The crowd at the Brooklyn Book Festival. (David L. Ulin / Los Angeles…)
NEW YORK -- Partway through my Sunday panel at the Brooklyn Book Festival, the subject turned to archetypes of Los Angeles. We – the novelists Seth Greenland (“The Angry Buddhist”), Emma Straub (“Laura Lamont’s Life in Pictures”), Karolina Waclawiak (“How to Get Into the Twin Palms”) and myself – were there to discuss the literature of Southern California. Cognitive dissonance, perhaps … or maybe a sign that, 55 years after L.A. stole the Dodgers, Brooklyn has come around.
And why not? Next month, the NBA’s Nets begin play in Brooklyn – the first major-league sports team to call the borough home since the Dodgers left after the 1957 season. And this weekend, the seventh annual book festival reaffirmed Brooklyn’s place as a locus of the American literary world.
The Brooklyn Book Festival is one of my favorites: a real city event, unfolding, largely, in and around Borough Hall. It has panels, yes – dozens of them, featuring writers who this year included Joyce Carol Oates, Walter Mosley, Dana Spiotta, Dennis Lehane, Elissa Schappell and Naomi Wolf – but what’s best about it are the stalls, which sprawl out across the plaza behind Borough Hall like a three-dimensional Rorschach test, representing the health of book culture in a society that wants to think otherwise.
Every year, I find new things in these book stalls – new publishers, new booksellers. On Sunday, my favorite discoveries included the magazine The Coffin Factory, which publishes fiction, criticism and essays, and Small Demons, a digital project that seeks to create a database of references in books and literally map them, allowing us to imagine literature in three-dimensional space.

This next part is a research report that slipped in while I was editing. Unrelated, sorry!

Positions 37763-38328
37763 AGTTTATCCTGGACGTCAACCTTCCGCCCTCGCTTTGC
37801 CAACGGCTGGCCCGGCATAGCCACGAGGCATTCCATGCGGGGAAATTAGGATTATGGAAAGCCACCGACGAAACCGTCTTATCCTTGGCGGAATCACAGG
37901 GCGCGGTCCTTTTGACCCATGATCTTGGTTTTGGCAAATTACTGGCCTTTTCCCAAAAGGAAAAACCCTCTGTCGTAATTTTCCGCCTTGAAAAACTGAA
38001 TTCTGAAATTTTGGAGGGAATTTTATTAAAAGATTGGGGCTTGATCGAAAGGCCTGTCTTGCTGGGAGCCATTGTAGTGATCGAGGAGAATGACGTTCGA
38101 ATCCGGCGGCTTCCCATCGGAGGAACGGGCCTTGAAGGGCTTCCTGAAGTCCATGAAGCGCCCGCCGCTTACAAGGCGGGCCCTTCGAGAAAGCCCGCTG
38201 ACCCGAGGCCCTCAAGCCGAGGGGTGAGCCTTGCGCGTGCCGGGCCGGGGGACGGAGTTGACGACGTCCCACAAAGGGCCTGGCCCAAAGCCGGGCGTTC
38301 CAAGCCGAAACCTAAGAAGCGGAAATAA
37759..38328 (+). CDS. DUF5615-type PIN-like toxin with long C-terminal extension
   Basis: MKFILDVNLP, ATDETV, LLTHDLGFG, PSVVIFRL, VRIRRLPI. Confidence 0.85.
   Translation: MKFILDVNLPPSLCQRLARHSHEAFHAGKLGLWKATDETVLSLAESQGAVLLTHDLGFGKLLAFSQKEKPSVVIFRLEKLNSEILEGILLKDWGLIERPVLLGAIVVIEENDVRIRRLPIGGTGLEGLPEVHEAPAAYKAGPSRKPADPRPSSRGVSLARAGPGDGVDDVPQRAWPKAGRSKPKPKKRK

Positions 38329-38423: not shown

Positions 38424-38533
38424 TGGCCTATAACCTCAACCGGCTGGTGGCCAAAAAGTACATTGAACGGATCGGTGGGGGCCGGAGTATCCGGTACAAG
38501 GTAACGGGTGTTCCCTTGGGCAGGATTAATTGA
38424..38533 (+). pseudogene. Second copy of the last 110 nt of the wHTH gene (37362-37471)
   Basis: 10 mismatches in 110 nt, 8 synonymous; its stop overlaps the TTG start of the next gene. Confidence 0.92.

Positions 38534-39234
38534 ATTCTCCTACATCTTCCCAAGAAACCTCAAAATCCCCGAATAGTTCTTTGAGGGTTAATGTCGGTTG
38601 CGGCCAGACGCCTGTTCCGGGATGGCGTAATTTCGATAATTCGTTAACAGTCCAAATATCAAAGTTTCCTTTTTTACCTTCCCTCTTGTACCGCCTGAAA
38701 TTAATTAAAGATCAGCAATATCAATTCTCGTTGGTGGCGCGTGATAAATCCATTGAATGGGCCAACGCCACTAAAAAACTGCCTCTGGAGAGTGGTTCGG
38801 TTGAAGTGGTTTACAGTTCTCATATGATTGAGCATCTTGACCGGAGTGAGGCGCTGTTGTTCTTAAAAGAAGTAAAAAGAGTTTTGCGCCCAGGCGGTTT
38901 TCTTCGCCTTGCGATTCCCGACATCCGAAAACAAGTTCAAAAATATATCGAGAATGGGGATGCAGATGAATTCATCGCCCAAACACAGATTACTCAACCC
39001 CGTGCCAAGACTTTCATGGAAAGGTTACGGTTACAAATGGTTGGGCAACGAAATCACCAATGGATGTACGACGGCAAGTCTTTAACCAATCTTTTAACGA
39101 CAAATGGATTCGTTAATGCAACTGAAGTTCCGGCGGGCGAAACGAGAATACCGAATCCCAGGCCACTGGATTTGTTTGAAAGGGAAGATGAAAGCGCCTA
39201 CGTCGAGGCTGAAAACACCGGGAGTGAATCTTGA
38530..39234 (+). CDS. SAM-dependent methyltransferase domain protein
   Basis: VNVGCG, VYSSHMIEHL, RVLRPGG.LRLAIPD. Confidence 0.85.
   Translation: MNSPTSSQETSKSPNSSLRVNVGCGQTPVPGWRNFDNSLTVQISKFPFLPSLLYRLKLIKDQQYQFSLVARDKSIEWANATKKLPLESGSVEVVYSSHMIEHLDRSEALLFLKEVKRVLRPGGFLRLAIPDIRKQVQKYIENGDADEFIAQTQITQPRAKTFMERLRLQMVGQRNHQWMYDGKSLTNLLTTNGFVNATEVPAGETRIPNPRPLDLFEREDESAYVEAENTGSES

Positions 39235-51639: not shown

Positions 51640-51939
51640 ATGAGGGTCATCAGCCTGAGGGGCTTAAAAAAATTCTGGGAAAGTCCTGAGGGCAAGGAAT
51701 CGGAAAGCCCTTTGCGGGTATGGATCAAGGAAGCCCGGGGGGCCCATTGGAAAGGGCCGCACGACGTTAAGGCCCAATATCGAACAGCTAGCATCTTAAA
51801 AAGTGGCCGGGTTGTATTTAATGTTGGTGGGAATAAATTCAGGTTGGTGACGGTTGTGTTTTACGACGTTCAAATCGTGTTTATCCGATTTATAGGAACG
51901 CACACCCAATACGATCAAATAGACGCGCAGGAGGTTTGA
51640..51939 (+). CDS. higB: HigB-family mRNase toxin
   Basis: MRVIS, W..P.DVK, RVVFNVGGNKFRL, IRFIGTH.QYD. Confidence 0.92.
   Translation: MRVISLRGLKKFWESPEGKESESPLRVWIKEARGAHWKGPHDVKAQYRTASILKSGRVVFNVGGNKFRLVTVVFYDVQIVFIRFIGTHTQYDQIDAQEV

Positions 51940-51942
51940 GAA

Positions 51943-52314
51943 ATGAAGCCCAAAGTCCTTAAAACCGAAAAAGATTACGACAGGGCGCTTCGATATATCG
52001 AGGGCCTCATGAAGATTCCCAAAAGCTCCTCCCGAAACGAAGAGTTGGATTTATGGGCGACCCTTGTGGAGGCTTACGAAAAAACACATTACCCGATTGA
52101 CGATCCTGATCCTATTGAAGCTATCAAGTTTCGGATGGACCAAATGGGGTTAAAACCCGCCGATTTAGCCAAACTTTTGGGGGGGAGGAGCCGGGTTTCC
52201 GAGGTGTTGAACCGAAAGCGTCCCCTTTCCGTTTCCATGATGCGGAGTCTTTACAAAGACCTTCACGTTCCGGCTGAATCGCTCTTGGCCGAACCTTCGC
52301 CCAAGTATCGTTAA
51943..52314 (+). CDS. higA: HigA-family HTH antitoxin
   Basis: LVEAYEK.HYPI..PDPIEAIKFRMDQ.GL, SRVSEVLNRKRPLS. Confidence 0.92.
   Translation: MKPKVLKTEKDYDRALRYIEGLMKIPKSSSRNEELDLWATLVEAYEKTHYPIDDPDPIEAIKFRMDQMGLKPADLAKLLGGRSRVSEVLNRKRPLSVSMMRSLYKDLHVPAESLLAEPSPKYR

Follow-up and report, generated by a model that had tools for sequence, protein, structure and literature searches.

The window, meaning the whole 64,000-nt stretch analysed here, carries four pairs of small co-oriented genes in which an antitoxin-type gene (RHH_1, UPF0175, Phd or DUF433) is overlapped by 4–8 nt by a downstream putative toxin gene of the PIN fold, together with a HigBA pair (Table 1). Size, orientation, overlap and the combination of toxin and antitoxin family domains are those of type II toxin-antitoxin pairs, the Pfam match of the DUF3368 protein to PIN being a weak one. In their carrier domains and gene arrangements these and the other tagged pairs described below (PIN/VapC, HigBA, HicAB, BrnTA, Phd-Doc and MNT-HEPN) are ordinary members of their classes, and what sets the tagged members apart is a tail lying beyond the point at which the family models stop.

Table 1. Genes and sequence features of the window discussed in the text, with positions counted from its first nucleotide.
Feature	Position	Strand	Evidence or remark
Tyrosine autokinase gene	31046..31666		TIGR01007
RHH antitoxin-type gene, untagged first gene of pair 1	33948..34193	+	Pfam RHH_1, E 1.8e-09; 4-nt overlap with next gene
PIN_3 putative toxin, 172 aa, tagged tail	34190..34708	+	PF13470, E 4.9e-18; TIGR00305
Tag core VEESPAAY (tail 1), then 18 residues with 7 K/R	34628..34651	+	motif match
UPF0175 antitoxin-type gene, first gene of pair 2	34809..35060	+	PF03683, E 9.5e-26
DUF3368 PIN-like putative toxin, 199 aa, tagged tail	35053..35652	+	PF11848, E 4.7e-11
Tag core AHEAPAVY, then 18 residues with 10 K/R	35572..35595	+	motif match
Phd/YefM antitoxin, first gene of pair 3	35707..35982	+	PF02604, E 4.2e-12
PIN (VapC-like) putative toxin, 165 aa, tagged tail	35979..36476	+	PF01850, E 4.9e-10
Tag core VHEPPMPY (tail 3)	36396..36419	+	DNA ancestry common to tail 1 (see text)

What do these efforts have in common? Not a lot – except the faith that reading matters, that books and stories form the substance of our inner lives. I agree, which is why I love this festival, for its willingness to celebrate the written word in all its manifestations, even when it comes from Los Angeles.
After our panel – which concluded that L.A. writing worked best when it undermined the city’s archetypes, since this is the way Los Angeles has most often been misunderstood – I bought a souvlaki at a food truck, then wandered up and down the rows of publishers and booksellers, drawing sustenance from the optimism of the event.
It may be the common trope that books and publishing are at risk – although I have never believed that. But you wouldn't know it from spending your Sunday here.